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Sexy Beast

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Who would have guessed that the most savage mad-dog frothing gangster in recent movies would be played by--Ben Kingsley? Ben Kingsley, who was Gandhi, and the accountant in "Schindler's List," and the publisher in "Betrayal," and Dr. Watson in "Without a Clue." Ben Kingsley, whose previous criminal was the financial wizard Meyer Lansky in "Bugsy"? Yes, Ben Kingsley. Or, as his character Don Logan says in "Sexy Beast," "Yes! Yes! Yes! Yes! Yes." Logan spits the words into the face of a retired London gangster named Dove. He's an inch away, spitting like a drill sergeant, his face red with anger, the veins throbbing on his forehead, his body coiled in rage. Dove (Ray Winstone), whose nickname is "Gal," lives in a villa on the Costa del Sol in Spain with his wife, Deedee (Amanda Redman), also retired, she from the porn business. He has no desire to return to London to assist in "one last job," a bank heist being masterminded by Logan's boss, Teddy (Ian McShane).

But you can't say no to Don Logan. This is what Dove says about him before he arrives in Spain, and when we meet him, we agree. Logan is dangerous not because he is tough, but because he is fearless and mad. You cannot intimidate a man who has no ordinary feelings. Logan is like a pit bull, hard-wired and untrainable. It's in his nature to please his master and frighten people. He has a disconcerting habit of suddenly barking out absurdities: He has a lopsided flywheel.

"Sexy Beast" is in a tradition of movies about Cockney villains. It goes on the list with "The Long Good Friday" and "The Limey." It loves its characters: Dove, the gangster gone soft; Logan, who is driven to impose his will on others; Teddy, who has a cockeyed plan to drill into a safe-deposit vault from the pool of the Turkish bath next to the bank, and Harry (James Fox), who owns the bank and thinks he is Teddy's lover when in fact he is simply the man who owns the bank.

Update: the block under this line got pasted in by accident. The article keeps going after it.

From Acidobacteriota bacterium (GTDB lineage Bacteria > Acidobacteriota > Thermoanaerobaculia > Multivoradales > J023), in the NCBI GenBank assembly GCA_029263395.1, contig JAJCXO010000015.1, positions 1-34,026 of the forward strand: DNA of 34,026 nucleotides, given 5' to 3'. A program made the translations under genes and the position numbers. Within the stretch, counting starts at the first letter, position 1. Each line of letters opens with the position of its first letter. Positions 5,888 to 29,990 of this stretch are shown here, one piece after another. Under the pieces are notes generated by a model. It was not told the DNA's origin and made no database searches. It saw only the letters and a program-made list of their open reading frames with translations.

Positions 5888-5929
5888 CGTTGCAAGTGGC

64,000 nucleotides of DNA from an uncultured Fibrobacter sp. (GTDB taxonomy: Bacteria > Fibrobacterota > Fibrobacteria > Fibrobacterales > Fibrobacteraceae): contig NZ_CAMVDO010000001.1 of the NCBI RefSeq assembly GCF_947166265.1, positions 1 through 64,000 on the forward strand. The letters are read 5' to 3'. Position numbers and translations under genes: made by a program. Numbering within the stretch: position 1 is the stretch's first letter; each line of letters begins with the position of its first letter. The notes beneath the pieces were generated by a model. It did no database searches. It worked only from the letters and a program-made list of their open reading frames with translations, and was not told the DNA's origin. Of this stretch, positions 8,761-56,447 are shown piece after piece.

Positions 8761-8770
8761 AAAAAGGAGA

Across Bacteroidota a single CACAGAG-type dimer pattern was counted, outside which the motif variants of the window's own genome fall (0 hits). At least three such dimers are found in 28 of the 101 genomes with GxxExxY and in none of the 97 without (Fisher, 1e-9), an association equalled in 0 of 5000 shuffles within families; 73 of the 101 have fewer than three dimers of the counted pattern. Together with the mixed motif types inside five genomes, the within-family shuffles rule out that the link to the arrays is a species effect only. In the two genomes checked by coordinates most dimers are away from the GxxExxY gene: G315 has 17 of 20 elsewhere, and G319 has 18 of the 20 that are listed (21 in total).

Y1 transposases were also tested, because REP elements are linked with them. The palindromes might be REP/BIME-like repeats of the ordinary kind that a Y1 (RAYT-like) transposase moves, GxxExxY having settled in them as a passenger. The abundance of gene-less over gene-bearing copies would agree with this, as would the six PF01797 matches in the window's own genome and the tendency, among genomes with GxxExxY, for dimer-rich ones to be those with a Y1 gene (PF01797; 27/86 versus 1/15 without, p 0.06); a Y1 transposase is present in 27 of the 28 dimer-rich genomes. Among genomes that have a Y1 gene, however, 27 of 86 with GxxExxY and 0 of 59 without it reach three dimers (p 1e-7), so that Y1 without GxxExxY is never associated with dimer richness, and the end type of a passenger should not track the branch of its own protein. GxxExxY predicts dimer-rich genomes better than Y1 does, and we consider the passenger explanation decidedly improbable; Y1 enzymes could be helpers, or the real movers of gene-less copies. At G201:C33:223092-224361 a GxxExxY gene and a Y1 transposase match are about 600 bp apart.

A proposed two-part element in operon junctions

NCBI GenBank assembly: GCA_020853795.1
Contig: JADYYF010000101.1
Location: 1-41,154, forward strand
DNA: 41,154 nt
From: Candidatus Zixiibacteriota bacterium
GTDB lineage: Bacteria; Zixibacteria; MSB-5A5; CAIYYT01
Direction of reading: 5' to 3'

The heist is absurd in its own way, once Dove gets to London and helps mastermind it. The burglars have total access to the Turkish bath, but it never occurs to them to drain the pool, and so they wear breathing gear while drilling through the walls of the vault next door. The vault predictably fills with water, leading to a wonderful moment when a crook opens a deposit box, finds a container inside, opens it expecting diamonds and gets a surprise.

The movie opens on an ominous note. While Dove works on his suntan, a boulder bounces down the slope behind his villa, barely misses him and lands in the pool. In the movie's second act, Logan is the boulder. Kingsley's performance has to be seen to be believed. He's angry, seductive, annoyed, wheedling, fed up, ominous and out of his mind with frustration. I didn't know Kingsley had such notes inside him. Obviously, he can play anyone.

His best scene may be the one when Logan gets on the airplane to fly out of Spain, and the attendant asks him to put out his cigarette. Anyone who lights a cigarette on an airplane these days is asking for it, but Logan is begging for a fight. Notice the improvised lies with which he talks his way out of jail and possibly into a nice check from the airline.

Ray Winstone's work is as strong, but not as flashy. He can play monsters, too: He was an abusive father in Gary Oldman's "Nil by Mouth" and Tim Roth's "The War Zone," and it says something when those two actors cast him as their villain. His Dove is a gangster gone soft, fond of the good life, doting on his wife, able to intimidate civilians but frankly frightened of Logan.

The movie's humor is inseparable from its brutality. The crime boss Teddy (suave and vicious) offers to drive Dove to the airport after the bank job, and that leads to a series of unexpected developments--some jolting, others with deep irony. These are hard men. They could have the Sopranos for dinner, throw up and have them again.

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